⋆Living in a trustful way in all affairs, including our relationships
⋆Keeping our own council
⋆Communicating with compassion
⋆Speaking positively of others and with good intent.
Isis and Nephthys
For inspiration on how to live in true sisterhood, we can look to the relationship between Isis and Nephthys, twin sisters who are the polar opposite of each other. Some might say that they are aspects of all women, representing both the dark and the light.
Their story could easily have resulted in separation and destruction. Nephthys sleeps with Osiris, Isis’s beloved, and gives birth to Anubis. Out of shame, she tosses the child to the desert. Isis hears about this and without a second thought goes to find the child, forgiving her sister and her partner. When Isis is captured by Seth, Nephthys breastfeeds Horus and also takes a very important part in the lamenting (the resurrection of Osiris).
The two support each other through these most difficult of situations. Instead of picking sides when it comes to one another, they exercise forgiveness. There isn’t any sign of jealousy between them and, instead of competition, they choose solidarity.
Rooted in sisterhood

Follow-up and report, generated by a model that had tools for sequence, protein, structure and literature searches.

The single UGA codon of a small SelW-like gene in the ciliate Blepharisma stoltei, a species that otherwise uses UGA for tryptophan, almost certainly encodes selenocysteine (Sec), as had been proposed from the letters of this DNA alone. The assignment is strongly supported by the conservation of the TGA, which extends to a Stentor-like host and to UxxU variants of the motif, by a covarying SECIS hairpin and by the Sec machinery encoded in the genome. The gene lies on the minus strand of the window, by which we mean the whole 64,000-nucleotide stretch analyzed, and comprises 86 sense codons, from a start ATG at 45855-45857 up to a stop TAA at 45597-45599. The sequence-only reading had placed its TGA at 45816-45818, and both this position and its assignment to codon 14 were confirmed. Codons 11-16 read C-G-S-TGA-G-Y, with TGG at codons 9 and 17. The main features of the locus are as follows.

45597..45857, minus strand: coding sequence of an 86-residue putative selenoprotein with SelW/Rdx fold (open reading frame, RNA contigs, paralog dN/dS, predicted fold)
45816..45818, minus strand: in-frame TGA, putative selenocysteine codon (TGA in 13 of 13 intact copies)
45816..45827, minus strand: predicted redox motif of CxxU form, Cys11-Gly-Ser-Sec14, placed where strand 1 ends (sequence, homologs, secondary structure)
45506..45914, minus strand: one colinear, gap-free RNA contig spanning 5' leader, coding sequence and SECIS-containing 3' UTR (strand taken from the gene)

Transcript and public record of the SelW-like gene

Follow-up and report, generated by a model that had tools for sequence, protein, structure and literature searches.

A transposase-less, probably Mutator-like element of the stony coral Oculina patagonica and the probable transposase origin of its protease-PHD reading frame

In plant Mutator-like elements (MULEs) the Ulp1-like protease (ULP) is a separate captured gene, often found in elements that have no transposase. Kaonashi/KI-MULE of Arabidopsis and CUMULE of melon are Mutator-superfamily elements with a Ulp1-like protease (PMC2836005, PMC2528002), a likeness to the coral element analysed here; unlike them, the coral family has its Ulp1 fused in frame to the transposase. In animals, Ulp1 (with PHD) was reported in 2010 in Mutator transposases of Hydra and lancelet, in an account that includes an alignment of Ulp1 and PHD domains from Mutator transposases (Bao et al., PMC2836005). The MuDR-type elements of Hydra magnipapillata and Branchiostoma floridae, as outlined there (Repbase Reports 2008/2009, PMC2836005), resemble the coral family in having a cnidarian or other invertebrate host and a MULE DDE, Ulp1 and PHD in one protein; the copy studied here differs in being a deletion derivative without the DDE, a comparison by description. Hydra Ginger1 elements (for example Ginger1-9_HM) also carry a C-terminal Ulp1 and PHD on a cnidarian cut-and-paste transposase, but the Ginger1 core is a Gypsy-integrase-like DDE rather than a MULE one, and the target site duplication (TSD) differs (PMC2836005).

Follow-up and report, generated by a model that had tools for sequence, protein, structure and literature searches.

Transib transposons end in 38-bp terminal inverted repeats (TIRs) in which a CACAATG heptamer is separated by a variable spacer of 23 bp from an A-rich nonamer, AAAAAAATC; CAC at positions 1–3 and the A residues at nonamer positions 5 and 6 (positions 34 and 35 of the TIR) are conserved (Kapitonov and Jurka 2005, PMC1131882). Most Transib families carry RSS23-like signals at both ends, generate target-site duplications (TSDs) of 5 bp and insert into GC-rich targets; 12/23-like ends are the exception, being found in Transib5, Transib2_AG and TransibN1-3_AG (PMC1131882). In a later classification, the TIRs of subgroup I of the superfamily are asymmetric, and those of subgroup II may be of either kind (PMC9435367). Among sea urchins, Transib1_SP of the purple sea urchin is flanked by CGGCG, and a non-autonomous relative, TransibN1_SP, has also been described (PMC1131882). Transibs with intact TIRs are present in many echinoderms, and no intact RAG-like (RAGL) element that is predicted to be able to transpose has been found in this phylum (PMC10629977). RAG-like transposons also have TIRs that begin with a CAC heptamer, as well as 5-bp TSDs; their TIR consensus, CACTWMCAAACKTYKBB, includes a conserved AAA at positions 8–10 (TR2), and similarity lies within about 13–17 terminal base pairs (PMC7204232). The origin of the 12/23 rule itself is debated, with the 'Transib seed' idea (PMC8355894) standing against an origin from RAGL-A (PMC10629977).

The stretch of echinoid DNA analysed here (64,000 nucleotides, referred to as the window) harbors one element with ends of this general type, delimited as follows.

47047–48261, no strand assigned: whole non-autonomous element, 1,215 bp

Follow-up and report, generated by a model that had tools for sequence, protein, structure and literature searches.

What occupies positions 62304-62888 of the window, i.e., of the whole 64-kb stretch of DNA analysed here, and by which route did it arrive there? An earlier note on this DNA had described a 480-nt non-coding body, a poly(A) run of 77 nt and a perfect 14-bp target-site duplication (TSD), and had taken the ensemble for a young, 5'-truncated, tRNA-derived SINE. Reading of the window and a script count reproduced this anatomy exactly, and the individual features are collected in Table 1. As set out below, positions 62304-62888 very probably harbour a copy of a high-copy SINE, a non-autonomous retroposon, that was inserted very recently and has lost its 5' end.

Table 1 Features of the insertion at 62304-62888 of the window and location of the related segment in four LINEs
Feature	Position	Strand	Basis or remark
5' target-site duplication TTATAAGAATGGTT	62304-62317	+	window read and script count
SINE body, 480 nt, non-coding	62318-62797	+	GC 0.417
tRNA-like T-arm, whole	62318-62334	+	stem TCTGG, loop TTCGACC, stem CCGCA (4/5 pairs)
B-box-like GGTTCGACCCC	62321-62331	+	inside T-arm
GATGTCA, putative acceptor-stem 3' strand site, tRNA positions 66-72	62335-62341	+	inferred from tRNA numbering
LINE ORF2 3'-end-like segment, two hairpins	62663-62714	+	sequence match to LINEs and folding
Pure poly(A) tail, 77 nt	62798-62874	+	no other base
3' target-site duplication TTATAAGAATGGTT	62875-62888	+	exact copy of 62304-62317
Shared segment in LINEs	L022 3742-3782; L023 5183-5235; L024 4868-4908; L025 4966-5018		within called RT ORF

Blogger Mookie Whitten puts it beautifully as she shares about the community she lives in, which is deeply rooted in sisterhood: “We have not let ourselves be alone. We have pushed, cried, and loved each other’s wounds. … we are beginning to heal. That is what sisterhood looks like. It is a deep feminine community. Rooted in love. Challenging, unselfish love.”
How can we start to embody sisterhood in our lives?
- We can start from a vantage point of listening. We take the approach of seeking to understand the other woman’s reality, asking her sensitive questions and showing openness and support through body language and verbal communication.
- Instead of seeing the other woman as a competitor or threat, we actively look for opportunities for collaboration, finding our shared interests and challenges and uniting our energies for the collective good.
- We include each other. When a new woman comes into our community or workplace, we strive to welcome her and find out what she needs and how we can support her to contribute her gifts. We create networks of mutual support.
- We avoid gossiping about our sisters and instead use our speech to uplift and support. We always respect each other’s privacy, integrity and autonomy and allow room for differences of opinion without taking it personally or making each other wrong. If this is difficult, we can ask for mediation and continue to work on our communication skills.
At the Blue Lotus Sanctuary, the goddess-centred nature community we at the Temple are creating, sisterhood will be one of the core founding principles. We will meet, celebrate and honour nature and the wisdom teachings together, working to transform ourselves and our society through deep respect and support of each other. You can read more about our community vision and find out how to be part of it here.